Few people had silver or gold coins, and those who did, hoarded them and did not use them unless they really had to. Most of the smaller change in circulation was unofficial, illegal tokens. In short, there was a local currency crisis.
- The solution was small notes (an IOU) like the one below
- It reads IO (= I owe the bearer) three pence !
Kinsale, [Corporation], Threepence, 180–, unissued. Small tape repair on back top edge and three pinholes in right margin, otherwise very fine
- This is a rare note since these IOU’s worked very well and most were paid off.
- This particular example was issued by Kinsale Town Corporation.
Was it a charitable initiative, or was there a mutual benefit? Most likely, a little bit of both for the Corporation officials may have used them as ‘change’ when traders paid their fees/taxes on market day.
- Small traders would not have risked making a payment in tokens, or scrip.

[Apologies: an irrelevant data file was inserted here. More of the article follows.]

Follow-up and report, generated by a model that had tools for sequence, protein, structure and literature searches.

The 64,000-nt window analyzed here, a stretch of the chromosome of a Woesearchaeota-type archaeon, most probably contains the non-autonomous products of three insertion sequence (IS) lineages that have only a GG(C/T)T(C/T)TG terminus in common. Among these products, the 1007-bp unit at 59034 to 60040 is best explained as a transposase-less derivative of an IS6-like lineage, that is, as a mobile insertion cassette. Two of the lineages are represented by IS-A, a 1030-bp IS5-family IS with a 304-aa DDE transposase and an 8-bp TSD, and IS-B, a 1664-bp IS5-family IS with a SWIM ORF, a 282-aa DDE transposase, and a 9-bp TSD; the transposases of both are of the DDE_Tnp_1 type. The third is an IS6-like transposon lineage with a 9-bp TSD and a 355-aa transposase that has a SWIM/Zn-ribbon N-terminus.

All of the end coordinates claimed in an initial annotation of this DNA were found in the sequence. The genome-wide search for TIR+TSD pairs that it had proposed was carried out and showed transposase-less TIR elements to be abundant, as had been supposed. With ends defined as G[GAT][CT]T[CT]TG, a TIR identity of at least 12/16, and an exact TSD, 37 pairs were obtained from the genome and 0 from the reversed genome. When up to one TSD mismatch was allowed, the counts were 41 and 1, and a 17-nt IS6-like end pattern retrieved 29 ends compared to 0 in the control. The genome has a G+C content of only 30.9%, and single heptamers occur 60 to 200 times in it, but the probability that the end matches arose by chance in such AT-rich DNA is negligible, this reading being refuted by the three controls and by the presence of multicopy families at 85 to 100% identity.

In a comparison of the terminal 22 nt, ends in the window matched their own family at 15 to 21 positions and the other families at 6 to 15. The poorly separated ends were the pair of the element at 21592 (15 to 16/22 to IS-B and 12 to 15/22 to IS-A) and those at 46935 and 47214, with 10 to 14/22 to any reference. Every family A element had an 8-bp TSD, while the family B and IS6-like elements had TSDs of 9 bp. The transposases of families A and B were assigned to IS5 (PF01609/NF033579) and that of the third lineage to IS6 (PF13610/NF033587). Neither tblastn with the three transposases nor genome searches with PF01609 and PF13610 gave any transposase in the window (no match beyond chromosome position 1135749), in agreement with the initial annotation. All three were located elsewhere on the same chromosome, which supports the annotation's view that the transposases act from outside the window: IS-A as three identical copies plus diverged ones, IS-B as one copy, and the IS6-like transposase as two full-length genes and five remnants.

- They would have had to use ‘good silver coins’ which were in short supply.
- With such a high percentage of low value tokens circulating, the Corporation officials might have felt unable to give change in tokens either.
- This might have been a solution for their fiscal dilemma.
Other towns and corporations issued their own copper tokens for this purpose, e.g. farthings, halfpenny and penny tokens in Belfast, Cork, Dublin and Waterford over the centuries. Many of their tokens bear the words “for public benefit” and “for the poor” or such like. This is an unusual example of paper being used for such a small amount.
This brings us to another problem, i.e. what do we call it?
- A bank did not issue it, so its not a banknote.
- A trader didn’t issue it, so its not a trader’s note.
- Collectors call them IOU’s and they were quite common in the 19th C in Ireland.
If anyone has a serious interest in collecting Irish banknotes, an essential tool is the excellent book (Paper Money of Ireland) by Bob Blake & Jonathan Callaway (Publ. by Pam West). They list it under Sundry Issues – a short section from page 80 to 97.
- Paper Money of Ireland, Blake & Callaway, p. 87